Cebr calculates that the coronavirus pandemic has resulted in a total of £11.9 billion of displaced city centre spending, as many workers swapped offices for their homes in major UK cities. This is the amount we estimate that workers would have otherwise spent in shops, pubs and eateries near employment hubs in five of the UK’s largest cities between March 2020 and May 2021, which has been lost or displaced. Our analysis looks at five of the UK’s largest cities: London, Manchester, Glasgow, Newcastle and Cardiff. If office workers move to hybrid working long-term, then these cities are set to see employment hub spending stand £322 million a month lower than pre-pandemic levels.
Google mobility data shows that in April 2020, the number of people going to places of work on weekdays across the UK was 69% lower than before the crisis, this number has since recovered to 34% in May 2021. Out of the five cities analysed in this study, Cardiff remains the city with the lowest share of workers who have returned to the office, with the number of people attending workplaces on weekdays standing 50% lower than pre-crisis levels in May. Meanwhile, Newcastle has the highest share of workers who have returned to places of work out of these cities, with numbers at workplaces only 34% lower than pre-pandemic levels in May. Taking this Google mobility data for each city in addition to statistics on average spending near offices prior to the pandemic  and scaling up to the number of employees in each city provides an estimate of the amount of money that is not being spent in shops and food/drink establishments near employment hubs in each city during the coronavirus crisis. The breakdown by city is in the table below.
|Displaced city centre spending from the pandemic so far (March 2020 – May 2021), billions|
A leak from Whitehall regarding how the country will live with Covid-19 suggests that ministers are leaning towards encouraging a hybrid approach to office working even after 19th July. The document says that the government is actively looking at ways to help people continue working from home if there is no need for them to be in an office. Data from the Office for National Statistics shows that in 2020, 47% of people did some work at home. Looking across the UK regions, this share is highest in London, at 57% . Assuming that these people who can work from home maintain hybrid work patterns indefinitely, with two days in the office per week on average, city-centre spending will be lower long-term. Under this assumption, we estimate that these cities will see spending near employment hubs stand £322 million a month lower than pre-pandemic levels in total, broken down in the table below.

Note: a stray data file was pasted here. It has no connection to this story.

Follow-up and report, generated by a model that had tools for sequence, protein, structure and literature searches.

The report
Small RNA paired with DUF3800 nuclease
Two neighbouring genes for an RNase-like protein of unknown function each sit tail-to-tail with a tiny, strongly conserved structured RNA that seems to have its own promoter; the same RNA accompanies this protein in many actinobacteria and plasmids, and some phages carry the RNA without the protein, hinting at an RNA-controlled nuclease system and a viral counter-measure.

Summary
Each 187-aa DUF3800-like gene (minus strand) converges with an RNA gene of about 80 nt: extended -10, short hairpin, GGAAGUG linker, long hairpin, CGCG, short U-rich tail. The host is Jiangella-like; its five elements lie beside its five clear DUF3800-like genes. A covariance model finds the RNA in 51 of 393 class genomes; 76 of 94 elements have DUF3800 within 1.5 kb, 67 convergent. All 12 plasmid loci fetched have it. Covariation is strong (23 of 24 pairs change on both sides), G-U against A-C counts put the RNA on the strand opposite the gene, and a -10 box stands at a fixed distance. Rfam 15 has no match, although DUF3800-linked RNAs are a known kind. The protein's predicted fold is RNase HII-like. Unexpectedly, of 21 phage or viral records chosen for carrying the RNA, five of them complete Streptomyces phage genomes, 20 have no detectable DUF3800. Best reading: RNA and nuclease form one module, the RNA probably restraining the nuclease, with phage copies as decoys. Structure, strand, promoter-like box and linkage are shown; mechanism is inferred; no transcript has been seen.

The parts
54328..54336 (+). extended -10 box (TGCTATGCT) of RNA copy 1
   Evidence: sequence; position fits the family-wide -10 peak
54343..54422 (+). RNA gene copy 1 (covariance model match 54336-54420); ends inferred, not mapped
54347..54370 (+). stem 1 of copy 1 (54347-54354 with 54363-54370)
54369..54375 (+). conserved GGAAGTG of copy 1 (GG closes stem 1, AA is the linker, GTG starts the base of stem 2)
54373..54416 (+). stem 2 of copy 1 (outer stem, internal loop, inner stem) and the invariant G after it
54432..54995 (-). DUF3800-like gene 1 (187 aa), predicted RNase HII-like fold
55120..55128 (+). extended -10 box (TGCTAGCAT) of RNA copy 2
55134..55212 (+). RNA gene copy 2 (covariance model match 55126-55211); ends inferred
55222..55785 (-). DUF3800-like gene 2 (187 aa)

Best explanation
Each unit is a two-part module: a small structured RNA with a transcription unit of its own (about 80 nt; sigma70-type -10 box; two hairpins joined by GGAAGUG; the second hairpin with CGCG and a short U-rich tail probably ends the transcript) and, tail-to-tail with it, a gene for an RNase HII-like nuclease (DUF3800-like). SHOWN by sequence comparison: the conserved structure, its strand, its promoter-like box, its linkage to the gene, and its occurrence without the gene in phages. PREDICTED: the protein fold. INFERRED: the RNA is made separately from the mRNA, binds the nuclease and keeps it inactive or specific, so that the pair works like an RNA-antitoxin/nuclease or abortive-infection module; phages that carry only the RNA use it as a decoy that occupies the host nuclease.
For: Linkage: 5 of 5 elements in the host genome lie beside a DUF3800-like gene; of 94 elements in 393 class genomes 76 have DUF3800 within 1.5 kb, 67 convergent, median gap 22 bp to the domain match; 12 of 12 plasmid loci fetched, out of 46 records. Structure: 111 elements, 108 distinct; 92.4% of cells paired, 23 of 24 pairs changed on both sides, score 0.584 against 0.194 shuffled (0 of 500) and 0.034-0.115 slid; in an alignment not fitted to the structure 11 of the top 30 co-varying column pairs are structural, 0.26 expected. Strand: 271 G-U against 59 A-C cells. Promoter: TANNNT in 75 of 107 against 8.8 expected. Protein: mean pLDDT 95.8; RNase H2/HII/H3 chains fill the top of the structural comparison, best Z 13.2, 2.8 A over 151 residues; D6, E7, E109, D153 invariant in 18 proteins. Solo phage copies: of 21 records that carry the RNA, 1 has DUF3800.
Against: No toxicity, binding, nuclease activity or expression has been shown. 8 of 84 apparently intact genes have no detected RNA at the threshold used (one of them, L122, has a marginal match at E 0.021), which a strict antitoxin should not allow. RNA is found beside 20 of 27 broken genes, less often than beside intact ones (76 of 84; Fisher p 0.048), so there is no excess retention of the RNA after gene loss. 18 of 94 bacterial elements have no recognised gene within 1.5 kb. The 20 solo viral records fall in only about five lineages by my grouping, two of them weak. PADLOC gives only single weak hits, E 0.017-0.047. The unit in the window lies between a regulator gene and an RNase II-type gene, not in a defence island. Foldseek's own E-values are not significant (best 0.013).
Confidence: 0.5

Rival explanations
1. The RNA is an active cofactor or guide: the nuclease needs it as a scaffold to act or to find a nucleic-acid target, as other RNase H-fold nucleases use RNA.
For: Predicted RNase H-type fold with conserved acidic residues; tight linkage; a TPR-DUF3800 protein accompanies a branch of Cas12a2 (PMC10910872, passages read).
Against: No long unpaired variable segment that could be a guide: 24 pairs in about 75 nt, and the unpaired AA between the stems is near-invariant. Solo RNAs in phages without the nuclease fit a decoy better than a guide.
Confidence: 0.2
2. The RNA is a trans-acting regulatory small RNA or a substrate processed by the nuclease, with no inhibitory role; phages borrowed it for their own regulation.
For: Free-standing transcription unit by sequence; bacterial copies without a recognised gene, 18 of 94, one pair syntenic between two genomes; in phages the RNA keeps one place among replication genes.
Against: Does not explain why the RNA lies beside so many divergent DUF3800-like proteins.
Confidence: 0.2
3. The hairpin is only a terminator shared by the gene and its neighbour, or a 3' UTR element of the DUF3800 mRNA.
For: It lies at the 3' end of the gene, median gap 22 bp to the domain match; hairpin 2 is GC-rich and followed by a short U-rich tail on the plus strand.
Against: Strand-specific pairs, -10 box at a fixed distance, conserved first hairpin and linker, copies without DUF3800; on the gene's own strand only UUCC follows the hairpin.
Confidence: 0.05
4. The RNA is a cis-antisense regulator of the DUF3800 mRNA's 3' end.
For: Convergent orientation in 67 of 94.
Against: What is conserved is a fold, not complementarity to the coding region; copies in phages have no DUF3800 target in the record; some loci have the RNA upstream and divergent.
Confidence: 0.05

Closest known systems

|Lost/displaced long-term city centre spending per month, millions|
With the government looking likely to encourage hybrid office work even after restrictions are lifted, there could be potentially fatal consequences for the businesses that are usually the recipients of this city centre spending. This will especially be the case once government support from the furlough scheme dries up. A potential opportunity may be rising demand for places to eat, drink and shop in residential areas, as people continue to spend more time nearer their home. Government support to help employees and businesses adjust to these new opportunities through education and training may be a potential solution.
 Please note that these workers will still be spending on items such as lunch food, snacks, drinks and stationery near their homes. Therefore, this study does not necessarily suggest that the UK economy has shrunk by the figures calculated, but a significant amount of spending has been displaced away from employment hubs.
 The cities were selected on the basis of size, geographical range and Google mobility data availability
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